Detroit Institute of the Arts#1 in Best Things To Do in Detroit
Arguably one of the city's foremost cultural destinations, the Detroit Institute of Arts dates back to 1885, but the beaux-arts building (referred to as the "temple of art") that it now resides in opened in 1927. The institute is huge, comprising more than 100 galleries, a 1,150-seat auditorium and a 380-seat lecture hall. And its permanent collection is extensive: On its walls are Diego Rivera's "Detroit Industry" fresco and Vincent Van Gogh's "Self Portrait" painting, among other works. The institute also hosts events like Friday Night Live! concerts and Art + Authors book discussions.
For many visitors, a visit to the DIA was a highlight of their Detroit trip, with some calling it a "national gem." Though many were initially drawn because of the museum's Diego Rivera collection, reviewers said they were satisfied with every part of the DIA, especially the temporary exhibits. Visitors also praised the staff, which they said were friendly and helpful.
This Midtown museum is on Woodward Avenue and neighbors the Charles H. Wright Museum of African American History. The museum is open from 10 a.m. to 5 p.m. Saturdays and Sundays; from 9 a.m. to 4 p.m. Tuesday through Thursday and from 9 a.m. to 10 p.m. on Fridays. Free guided tours are available Tuesday through Friday at 1 p.m. and Saturday and Sunday at 1 and 3 p.m.; tours meet in the Farnsworth Lobby. Admission costs $12.50 for adults and $6 for kids between the age of 6 and 17. But keep in mind that you'll also need to pay for parking (it costs $7 per vehicle in the museum lot). In addition to the art, you'll also find two cafes on-site. For more information on purchasing tickets, visit the website.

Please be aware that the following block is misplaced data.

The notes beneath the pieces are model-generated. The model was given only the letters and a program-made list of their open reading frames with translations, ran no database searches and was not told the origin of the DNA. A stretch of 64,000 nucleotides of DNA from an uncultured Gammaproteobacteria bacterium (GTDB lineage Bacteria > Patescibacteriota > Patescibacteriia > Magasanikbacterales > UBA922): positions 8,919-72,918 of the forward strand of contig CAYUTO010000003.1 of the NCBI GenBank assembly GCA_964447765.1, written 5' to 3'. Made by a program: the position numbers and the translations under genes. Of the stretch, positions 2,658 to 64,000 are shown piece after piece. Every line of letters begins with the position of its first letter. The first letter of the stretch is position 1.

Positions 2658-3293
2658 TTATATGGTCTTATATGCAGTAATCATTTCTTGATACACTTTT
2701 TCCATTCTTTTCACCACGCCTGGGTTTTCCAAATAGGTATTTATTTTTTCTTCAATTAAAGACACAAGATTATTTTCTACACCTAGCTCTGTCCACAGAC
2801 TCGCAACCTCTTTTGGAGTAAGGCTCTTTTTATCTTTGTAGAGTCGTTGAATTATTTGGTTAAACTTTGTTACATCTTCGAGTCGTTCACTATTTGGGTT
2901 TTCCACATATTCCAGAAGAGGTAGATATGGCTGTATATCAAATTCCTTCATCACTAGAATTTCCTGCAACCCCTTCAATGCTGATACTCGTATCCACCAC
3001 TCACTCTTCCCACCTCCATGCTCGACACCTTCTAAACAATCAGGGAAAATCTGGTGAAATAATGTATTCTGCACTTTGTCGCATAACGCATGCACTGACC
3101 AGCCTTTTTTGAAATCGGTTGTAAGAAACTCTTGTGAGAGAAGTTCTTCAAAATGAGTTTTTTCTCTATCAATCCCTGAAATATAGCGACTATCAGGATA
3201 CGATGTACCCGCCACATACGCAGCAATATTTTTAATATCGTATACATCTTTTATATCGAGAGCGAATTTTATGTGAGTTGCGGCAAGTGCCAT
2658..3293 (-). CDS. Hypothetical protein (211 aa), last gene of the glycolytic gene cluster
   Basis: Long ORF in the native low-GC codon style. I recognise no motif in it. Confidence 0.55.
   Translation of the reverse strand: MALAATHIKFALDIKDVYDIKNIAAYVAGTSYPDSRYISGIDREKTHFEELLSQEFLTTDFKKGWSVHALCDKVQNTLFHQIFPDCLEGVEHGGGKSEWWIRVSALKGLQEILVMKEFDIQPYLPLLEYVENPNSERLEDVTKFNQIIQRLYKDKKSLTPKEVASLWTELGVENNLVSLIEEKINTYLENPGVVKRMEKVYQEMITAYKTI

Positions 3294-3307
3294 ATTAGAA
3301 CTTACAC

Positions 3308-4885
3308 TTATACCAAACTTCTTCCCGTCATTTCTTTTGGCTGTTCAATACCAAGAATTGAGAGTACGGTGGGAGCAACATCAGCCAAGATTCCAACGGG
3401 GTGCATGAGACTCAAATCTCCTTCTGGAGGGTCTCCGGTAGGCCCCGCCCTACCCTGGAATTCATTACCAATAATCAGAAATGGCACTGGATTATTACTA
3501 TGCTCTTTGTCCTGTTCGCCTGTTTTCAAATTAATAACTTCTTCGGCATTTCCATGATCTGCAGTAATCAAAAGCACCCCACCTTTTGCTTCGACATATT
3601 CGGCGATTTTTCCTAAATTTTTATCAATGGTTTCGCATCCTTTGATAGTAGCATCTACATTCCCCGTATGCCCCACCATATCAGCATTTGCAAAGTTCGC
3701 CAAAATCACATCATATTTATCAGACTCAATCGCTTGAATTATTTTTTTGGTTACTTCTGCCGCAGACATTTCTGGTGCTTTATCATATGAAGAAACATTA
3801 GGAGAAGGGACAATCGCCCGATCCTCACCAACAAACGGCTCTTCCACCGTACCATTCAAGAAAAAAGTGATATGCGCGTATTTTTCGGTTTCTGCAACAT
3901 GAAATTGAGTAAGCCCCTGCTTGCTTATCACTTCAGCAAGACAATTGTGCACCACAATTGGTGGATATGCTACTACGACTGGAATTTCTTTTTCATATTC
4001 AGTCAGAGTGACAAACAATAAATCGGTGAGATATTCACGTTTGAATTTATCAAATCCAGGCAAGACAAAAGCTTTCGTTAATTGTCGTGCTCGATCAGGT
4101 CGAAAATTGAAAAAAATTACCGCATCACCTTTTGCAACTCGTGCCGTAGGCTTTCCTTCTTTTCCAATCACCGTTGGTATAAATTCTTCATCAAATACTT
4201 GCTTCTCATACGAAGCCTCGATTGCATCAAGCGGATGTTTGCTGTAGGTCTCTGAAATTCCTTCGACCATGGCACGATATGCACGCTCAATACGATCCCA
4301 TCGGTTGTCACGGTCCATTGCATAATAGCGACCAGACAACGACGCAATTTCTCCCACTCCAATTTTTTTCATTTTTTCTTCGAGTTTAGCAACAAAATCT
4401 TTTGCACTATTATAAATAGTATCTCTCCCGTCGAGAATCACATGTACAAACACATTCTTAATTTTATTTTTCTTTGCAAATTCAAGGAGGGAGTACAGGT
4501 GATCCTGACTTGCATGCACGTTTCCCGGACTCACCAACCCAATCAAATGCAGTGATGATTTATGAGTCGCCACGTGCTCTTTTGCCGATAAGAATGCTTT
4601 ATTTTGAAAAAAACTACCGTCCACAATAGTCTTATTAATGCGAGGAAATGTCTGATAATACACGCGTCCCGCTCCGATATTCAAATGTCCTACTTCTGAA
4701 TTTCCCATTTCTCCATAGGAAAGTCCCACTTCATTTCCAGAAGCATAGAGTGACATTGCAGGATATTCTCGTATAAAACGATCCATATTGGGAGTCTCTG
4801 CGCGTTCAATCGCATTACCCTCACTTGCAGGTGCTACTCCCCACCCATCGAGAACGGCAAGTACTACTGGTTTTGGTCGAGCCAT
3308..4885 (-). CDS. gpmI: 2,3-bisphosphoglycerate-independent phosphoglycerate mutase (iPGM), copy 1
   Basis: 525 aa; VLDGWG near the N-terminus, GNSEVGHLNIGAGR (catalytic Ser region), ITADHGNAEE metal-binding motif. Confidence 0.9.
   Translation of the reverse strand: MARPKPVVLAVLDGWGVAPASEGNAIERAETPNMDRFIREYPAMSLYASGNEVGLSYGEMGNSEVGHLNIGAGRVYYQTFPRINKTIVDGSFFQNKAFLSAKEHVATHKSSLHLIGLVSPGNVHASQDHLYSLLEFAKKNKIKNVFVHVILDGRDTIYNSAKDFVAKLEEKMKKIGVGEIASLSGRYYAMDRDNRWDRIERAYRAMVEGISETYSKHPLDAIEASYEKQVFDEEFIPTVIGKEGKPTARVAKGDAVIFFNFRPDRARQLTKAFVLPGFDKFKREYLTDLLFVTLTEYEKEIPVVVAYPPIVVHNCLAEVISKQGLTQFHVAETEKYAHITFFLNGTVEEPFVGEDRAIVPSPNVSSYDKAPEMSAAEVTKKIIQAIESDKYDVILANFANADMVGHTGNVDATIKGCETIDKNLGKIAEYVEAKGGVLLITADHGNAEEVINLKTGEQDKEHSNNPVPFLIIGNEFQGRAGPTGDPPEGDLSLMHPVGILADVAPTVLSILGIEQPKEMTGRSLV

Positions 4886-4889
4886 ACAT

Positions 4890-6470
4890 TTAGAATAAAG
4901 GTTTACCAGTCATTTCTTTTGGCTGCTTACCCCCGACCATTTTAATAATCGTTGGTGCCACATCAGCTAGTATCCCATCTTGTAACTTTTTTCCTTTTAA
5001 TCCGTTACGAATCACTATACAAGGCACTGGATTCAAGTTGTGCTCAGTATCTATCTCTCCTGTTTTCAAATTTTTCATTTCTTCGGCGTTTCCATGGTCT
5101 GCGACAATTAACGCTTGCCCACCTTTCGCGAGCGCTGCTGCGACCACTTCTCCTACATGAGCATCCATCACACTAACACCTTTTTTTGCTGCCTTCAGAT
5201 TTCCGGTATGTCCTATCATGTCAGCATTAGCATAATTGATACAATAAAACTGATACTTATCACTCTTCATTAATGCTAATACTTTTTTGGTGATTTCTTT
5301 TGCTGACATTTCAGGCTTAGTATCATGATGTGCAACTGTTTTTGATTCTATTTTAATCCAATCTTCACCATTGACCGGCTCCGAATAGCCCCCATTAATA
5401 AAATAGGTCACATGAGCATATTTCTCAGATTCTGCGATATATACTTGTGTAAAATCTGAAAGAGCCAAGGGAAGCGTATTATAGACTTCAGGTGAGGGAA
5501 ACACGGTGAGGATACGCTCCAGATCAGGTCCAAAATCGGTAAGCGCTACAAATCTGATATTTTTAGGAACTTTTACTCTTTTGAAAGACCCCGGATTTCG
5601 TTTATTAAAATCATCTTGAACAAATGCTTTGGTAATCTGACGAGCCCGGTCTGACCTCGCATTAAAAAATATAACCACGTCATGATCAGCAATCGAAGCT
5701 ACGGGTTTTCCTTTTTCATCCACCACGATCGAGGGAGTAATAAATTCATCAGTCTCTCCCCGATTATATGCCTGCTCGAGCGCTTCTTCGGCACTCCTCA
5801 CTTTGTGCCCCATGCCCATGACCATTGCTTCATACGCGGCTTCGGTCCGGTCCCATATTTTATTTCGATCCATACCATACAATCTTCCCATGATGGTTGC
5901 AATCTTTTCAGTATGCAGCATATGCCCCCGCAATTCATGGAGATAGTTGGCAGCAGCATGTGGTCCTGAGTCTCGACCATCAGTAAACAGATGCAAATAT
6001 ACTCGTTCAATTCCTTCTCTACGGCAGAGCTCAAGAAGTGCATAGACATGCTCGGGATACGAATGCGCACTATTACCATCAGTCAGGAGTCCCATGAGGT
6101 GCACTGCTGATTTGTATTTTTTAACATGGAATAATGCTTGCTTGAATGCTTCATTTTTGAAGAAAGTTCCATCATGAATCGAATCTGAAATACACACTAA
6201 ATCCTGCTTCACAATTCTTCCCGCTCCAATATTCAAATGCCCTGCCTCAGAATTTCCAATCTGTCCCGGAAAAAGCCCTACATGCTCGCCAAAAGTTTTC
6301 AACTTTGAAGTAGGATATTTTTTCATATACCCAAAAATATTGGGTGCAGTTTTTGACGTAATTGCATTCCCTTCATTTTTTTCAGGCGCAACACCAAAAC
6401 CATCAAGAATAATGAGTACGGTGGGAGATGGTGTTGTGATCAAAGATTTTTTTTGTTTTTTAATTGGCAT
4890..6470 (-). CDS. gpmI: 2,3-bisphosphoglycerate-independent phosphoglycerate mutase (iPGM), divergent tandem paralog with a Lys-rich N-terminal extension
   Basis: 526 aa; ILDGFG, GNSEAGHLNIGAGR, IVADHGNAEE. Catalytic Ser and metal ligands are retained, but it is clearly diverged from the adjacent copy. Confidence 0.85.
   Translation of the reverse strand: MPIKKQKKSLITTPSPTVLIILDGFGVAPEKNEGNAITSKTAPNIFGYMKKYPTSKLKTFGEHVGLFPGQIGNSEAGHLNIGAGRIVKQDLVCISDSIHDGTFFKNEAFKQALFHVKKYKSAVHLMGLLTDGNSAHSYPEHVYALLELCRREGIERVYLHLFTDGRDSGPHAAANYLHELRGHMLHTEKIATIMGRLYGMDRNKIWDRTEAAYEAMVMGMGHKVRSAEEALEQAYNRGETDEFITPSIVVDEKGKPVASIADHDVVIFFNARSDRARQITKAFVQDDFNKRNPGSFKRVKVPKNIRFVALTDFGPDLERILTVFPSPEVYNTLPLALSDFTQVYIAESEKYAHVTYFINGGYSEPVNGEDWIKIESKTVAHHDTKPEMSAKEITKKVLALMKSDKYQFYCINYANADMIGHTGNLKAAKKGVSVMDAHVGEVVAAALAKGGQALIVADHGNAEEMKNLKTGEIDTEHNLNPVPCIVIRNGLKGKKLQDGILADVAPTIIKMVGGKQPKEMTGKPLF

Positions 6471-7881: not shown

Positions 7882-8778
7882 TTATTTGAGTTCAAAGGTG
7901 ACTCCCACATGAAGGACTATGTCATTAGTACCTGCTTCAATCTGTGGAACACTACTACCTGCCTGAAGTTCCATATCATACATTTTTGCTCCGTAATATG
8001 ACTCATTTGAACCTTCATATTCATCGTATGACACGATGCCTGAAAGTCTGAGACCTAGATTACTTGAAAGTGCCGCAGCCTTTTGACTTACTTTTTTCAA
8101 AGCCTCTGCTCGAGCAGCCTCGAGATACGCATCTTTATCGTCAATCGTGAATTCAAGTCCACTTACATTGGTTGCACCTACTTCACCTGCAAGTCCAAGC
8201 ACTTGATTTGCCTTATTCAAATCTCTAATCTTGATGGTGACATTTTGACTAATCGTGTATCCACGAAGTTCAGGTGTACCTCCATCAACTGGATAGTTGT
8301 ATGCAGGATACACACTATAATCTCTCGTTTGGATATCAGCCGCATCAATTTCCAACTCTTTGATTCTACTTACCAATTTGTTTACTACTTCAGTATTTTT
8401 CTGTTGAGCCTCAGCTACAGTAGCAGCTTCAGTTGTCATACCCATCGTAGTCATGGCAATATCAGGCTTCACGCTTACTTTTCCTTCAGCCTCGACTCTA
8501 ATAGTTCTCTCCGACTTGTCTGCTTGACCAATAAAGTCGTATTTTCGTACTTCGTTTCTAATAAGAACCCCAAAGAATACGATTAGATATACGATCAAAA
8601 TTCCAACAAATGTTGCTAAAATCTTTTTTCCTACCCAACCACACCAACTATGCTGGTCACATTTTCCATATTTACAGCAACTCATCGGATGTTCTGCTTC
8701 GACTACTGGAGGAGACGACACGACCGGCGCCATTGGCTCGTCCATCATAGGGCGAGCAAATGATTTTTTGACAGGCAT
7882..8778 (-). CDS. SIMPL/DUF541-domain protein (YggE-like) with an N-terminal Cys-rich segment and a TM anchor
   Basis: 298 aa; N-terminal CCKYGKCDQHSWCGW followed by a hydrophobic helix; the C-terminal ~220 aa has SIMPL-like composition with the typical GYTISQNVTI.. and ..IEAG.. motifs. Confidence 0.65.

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#2 Motown Museum
An entire genre – or at least sound – was born in the space of this small Detroit home. A blue and white sign, reading "Hitsville U.S.A," hangs above the similarly painted building. And with gold records by the Supremes, the Temptations and the Jackson 5, this former Motown recording studio became a hit-making machine from 1959 to 1972. The interior has been left much the same from those magic music-making days, but there are also instruments, costumes and more on display.
Although the museum looks small and admittedly unimpressive from the outside, many visitors say the wealth of experience and information that you receive once inside is worth every minute of your time and every penny of your money. Reviewers particularly praised the tour guides, which they said helped to transport museumgoers back in time to the age of Motown.
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